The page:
There are a number of approaches taken by the anti-immigration movement to demonstrate that mass immigration is a bad thing. One is economic: it stands to reason (dunnit) that the more people in the country, the more thinly spread are the economic benefits. Naturally, this doesn’t actually stand to reason. If it did, Ireland and Portugal would be celebrating the mass exodus caused by their economic troubles. But I’ll leave others to argue the economic benefits of immigration.
The more pernicious arguments revolve around the cultural effects of immigration. While I’ve always suspected that “culture” in this context is simply a coded reference for race, I’m always prepared to hear people justify the viewpoint that we somehow “lose” or “weaken” our culture by accepting immigrants who bring other cultural ideas with them. Whenever I’m confronted with these claims, I always ask the same question: exactly what has Britain lost from its culture by accepting immigrants? Despite asking repeatedly, I’ve not been given a single example that makes sense. Perhaps the least-nonsensical replies I’ve had are along the lines of “Come on – you surely don’t believe immigration hasn’t harmed our culture do you?” to which I answer, “Yes, I really believe immigration hasn’t harmed our culture”.
In truly religious style, the anti-immigration camp always expect others to prove a negative. It would surely be easy to demonstrate that British culture has lost something: a single example would suffice. Perhaps some people remember Cockney street urchins reading the works of Dickens or quoting Shakespeare at every opportunity? Maybe, the influx of Pakistanis, Czechs and Jamaicans somehow put an end to these things? Could it be that Yardie gangsters or Islamist militants harassed and intimidated British youth until they no longer dared played the music of Benjamin Britten in public? Do Polish thugs jump on anybody who recites the poetry of Wilfred Owen? Not that I’ve noticed.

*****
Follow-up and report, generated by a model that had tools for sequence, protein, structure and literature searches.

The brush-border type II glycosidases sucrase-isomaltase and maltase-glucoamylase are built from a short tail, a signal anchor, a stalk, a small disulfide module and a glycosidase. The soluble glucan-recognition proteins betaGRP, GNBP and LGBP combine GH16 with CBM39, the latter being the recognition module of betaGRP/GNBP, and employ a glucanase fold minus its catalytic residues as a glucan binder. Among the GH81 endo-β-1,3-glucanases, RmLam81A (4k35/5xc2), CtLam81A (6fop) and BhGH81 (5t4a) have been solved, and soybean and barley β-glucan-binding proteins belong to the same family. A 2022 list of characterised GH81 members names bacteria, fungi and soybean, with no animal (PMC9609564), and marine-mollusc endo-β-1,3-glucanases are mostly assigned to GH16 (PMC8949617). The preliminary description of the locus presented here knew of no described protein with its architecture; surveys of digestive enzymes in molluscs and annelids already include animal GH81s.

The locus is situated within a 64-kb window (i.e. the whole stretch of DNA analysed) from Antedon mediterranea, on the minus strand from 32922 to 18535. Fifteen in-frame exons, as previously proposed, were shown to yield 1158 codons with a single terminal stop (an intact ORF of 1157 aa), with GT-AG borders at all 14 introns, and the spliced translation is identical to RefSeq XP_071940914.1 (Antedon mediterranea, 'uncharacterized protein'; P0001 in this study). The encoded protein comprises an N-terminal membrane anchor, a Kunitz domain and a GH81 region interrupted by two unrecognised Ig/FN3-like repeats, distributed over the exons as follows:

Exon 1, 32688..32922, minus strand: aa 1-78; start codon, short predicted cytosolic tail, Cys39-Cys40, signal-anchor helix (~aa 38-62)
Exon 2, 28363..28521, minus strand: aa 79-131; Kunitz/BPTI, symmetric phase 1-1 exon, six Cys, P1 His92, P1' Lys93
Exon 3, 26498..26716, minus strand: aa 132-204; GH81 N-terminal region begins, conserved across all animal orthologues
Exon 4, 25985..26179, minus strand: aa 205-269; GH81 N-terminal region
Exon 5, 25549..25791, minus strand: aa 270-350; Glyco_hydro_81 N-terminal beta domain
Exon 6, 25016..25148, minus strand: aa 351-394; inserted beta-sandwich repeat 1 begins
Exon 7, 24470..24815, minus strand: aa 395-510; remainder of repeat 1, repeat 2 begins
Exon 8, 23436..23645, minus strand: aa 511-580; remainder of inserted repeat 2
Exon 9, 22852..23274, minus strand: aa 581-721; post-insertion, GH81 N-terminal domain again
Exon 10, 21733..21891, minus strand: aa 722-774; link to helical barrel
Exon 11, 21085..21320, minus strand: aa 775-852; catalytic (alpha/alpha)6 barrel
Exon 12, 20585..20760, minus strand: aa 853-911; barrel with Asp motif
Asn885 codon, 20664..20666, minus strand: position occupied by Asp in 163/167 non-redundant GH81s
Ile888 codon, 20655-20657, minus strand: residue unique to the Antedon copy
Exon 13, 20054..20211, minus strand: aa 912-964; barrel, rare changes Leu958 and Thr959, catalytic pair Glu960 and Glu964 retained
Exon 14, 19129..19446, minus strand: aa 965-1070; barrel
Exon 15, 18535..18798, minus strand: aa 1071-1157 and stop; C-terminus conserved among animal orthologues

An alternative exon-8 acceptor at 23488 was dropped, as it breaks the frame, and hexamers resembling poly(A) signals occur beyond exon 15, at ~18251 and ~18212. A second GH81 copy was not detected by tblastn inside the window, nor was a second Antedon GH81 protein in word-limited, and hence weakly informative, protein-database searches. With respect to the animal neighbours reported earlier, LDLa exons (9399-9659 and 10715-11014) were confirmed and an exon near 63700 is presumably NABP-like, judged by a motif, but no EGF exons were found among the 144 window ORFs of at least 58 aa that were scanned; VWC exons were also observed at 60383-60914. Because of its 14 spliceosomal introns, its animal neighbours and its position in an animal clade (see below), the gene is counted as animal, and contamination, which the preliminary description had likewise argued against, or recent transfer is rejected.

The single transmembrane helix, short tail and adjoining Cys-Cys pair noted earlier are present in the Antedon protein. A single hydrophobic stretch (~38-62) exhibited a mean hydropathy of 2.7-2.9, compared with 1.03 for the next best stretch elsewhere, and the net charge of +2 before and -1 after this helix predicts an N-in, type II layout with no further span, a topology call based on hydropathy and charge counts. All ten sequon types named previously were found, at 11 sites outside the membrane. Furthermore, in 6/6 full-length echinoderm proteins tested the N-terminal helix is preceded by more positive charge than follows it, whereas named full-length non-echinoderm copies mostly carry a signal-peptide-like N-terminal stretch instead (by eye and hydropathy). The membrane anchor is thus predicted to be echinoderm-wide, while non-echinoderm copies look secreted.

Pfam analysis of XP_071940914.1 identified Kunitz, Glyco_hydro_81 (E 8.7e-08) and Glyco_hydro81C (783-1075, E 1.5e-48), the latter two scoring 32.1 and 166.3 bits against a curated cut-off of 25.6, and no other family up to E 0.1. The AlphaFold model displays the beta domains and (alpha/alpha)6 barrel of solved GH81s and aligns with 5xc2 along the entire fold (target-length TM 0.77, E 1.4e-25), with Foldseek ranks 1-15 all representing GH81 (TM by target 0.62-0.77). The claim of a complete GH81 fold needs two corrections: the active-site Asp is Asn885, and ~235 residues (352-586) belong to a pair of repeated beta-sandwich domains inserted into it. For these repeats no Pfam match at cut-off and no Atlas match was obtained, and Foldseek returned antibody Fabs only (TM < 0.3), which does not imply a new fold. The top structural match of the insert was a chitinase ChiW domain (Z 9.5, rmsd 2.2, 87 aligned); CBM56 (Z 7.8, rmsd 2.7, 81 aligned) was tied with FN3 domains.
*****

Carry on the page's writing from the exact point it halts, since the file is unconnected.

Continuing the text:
I’m given general hints like “We’ve lost London. We don’t want to lose the rest of the country”. However, last time I checked (about half an hour ago) London was still here. Although (and I think this is what they’re getting at) there are certainly more brown faces visible, and a wider variety of languages can be heard spoken in the streets, than in the past.
It’s true that, using coercion, cultures can be warped and damaged. The Yiddish culture (and language) of my great grandparents is almost extinct, courtesy of the Holocaust. Kurdish culture has been suppressed in Iraq, Turkey and Iran, as they try to destroy the Kurdish sense of nationhood. But no such coercion has happened, or could possibly happen to British culture in Britain. Sure, the Indians came here, bringing their foreign cultural values. Like cricket. And chicken tikka masala (now declared Britain’s unofficial national dish). And a taste for mathematics.
In the absence of coercion, cultures are additive. People pick the best that they encounter, and blend with what they already know. As a music lover, the strengthening effects of cultural mixing are immediately obvious to me. I would argue London has been the most musically creative city on the planet for the past couple of decades. The music made here is definitively our own, and is exported globally. London creates not just musical talent but entire new genres; the latest of many London creations is dubstep, and this has already been exported around the globe (forgive me if I’ve missed a new genre or two since dubstep – it takes a while for us older ones to notice these things). London is lucky enough to have immigration from, and thus links with, some of the deepest musical cultures on the planet – particularly West Africa and its offshoot in Jamaica.